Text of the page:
All over India, sweetmeats are con-thresholds and make low salaams. The sumed as a substantial article of food. A native when travelling seldom eats any thing else; and between the two great meals, at all times, he whiles away the long noon of the Indian summer day by sucking lollipops or candy between the whiffs of his hookah. Large dishes of sweetmeats are very common presents to great army, drove back the Goorkhas, who make on religious festivals or domestic were hovering over the town, and then, red-letter days; and when a Hindu wants' out of mere light-heartedness, looted it
stout little prince who is passing is the representative of a family which for generations has been to their ancestors and themselves the ideal of greatness, the incarnation of power, the pink of nobility. Is it not recorded in their unwritten traditions how his grandfather, at the head of a
himself, and carried away its female popu- | der any master who could make it worth lation, to a woman; and how, when the their while to render unto Cæsar the carpenter and goldsmith and sweetmeat things that were not Cæsar's. With a few men went, as a deputation from the burgh- exceptions, the dispersed survivors of the ers, to expostulate with him, he relented, downfall are mere creatures out of place, and wept on their necks, and promised to who saved little or nothing from the spoils, give them back one-half of their wives and and who are doomed to end, as they bedaughters, on condition of receiving a sum gan, needy speculators in national misforof tribute-money yearly for ever; and how tune. Among the summer friends of they only got their grandmammas after all. prosperity and power, the Duc de Persigny With such legends living in their memory, shone out with a lustre all his own. He how can they help honouring and fearing was the Bayard of a class so well described those of their rajahs who are still left to in a melancholy passage of the Life of them. Julius Cæsar," in which the Imperial historian excuses and explains the character of his hero's associates. Although, according to Chamfort, the way to please a man of quality is not to save his life or his honour, but to "make him a genealogy," we shall not attempt to pay so thankless a posthumous compliment to the departed nobleman. That his paternal name was Fialin; that at one period of his versatile life he "resumed" the title of Viscount, which it seems his family had dropped, and dropped the name of Fialin, which his family had worn for a couple of centuries or so; that he was something of a Legitimist for a moment under the Restoration, and having entered the army was dismissed for insubordination; that he was a quasi Republican at the Revolution of July, and, like many other Republicans of that epoch, became an ardent convert to the Napoleonic Légende and a true believer in the Star; that he conspired and escaped at Strasburg; that he conspired and was caught at Boulogne, and was allowed to remain a prisoner on parole at Versailles; that in February, 1818, he was again at large, and again conspiring under all manner of official designations for his prince; and that in December, 1851, this fine career of public virtue was rewarded as it deserved, and the Mecca of this devout ambition was attained; - are not these things henceforth a part of the History of France which M. Guizot will probably decline to write for the edification of his grandchildren?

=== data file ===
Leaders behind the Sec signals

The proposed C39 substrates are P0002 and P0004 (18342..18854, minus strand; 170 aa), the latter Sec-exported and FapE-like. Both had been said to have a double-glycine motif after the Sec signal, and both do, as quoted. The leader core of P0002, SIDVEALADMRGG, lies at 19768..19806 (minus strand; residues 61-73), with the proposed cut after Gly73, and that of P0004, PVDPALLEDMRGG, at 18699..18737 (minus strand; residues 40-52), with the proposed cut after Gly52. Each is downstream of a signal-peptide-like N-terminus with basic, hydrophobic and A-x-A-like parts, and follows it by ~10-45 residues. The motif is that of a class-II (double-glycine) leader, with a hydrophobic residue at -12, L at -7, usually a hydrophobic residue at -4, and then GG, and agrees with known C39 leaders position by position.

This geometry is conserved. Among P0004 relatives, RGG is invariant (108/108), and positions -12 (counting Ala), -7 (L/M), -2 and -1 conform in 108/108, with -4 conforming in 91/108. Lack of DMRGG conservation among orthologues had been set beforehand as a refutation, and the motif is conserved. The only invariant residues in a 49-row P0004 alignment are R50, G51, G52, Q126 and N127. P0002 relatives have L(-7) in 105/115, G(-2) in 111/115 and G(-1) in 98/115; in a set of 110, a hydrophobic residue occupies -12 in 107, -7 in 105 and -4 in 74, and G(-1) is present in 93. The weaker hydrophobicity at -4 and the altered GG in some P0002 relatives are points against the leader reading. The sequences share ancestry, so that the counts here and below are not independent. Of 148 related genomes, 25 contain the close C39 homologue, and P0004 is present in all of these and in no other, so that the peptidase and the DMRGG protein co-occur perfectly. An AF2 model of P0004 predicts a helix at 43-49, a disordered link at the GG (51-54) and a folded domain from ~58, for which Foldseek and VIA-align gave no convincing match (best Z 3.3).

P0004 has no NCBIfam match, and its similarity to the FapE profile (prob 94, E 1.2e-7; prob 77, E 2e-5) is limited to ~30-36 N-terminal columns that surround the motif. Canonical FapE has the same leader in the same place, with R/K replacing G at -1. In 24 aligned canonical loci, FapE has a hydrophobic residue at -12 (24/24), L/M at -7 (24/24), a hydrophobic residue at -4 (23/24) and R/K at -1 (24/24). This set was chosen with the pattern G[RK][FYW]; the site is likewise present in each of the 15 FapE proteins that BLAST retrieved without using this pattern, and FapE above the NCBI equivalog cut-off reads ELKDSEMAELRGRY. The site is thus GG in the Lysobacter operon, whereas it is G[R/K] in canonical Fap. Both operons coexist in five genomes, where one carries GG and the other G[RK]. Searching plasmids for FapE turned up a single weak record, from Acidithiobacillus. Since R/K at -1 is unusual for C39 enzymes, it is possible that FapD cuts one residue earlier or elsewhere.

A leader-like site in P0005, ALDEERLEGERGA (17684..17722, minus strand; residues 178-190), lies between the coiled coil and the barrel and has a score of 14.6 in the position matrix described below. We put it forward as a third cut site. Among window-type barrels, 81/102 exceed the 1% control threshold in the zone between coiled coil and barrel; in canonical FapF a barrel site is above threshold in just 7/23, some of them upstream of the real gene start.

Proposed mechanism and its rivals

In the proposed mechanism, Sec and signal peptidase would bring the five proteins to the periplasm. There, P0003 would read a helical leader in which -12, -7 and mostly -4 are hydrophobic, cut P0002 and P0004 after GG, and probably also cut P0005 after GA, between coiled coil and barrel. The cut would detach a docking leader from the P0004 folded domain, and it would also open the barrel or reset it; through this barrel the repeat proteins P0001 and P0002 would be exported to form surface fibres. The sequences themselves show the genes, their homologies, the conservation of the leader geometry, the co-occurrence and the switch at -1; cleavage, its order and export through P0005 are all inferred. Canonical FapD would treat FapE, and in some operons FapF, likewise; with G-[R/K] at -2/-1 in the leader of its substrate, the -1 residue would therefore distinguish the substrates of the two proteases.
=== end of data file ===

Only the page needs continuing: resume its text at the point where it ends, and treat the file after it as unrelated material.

Look at those gaily dressed, fair, and pretty women; they come from the valleys immediately under the snowy range, to buy the nose-rings and bangles which their souls love. Although some of them have two or three real husbands, they are good and happy women, and have pleasant homes among those giant mountains of the Himalaya beyond the Sutlej. Theirs is a cool fruit-growing land, abounding in peaches, strawberries, walnuts, and grapes; and their fair pretty faces, and their merry, wholesome laughter, speak of the happy glens from which they come.
To all these people, Simla is just what it was before the irrepressible English found it. It is their own town still; and if the English left India to-morrow, it would go on making its nose-rings and sweet-meats; and, beyond a passing remark, the simple dwellers among the mountains would never note the change.
From The Pall Mall Gazette.
It would be gross injustice to deny to
DEATH had made a solitude around the Emperor Napoleon before the last calamities of his dynasty and his Empire had thinned the ranks of those flatterers and accomplices whose fidelity, like the dial, courts only the serene and sunny hours. Even at the full meridian of its glory, the Second Empire was said by its adepts to own but a single pure Bonapartist among its followers. M. de Morny and others M. de Persigny the singular honour of might be within the tables of Imperial having been the typical representative of consanguinity, but they were Imperialists the final avatar of Napoleonism. His by accident and luck rather than by princi- whole life was an adventure and a conspirple and conviction. As for the Rouhers, acy; but his peculiarity was that he conthe Billaults, the Magnes and the Baroches, trived to persuade himself that the pillage they were simply lawyers and men of of a State was the purest patriotism, and business who lent their tongues, their wits, the confiscation of law and property the and their consciences at a rate of interest perfection of ordered licence and of the proportioned to the risk of the security, science of enlightened administrationand who would have accepted service un-after the manner of Cartouche. He mis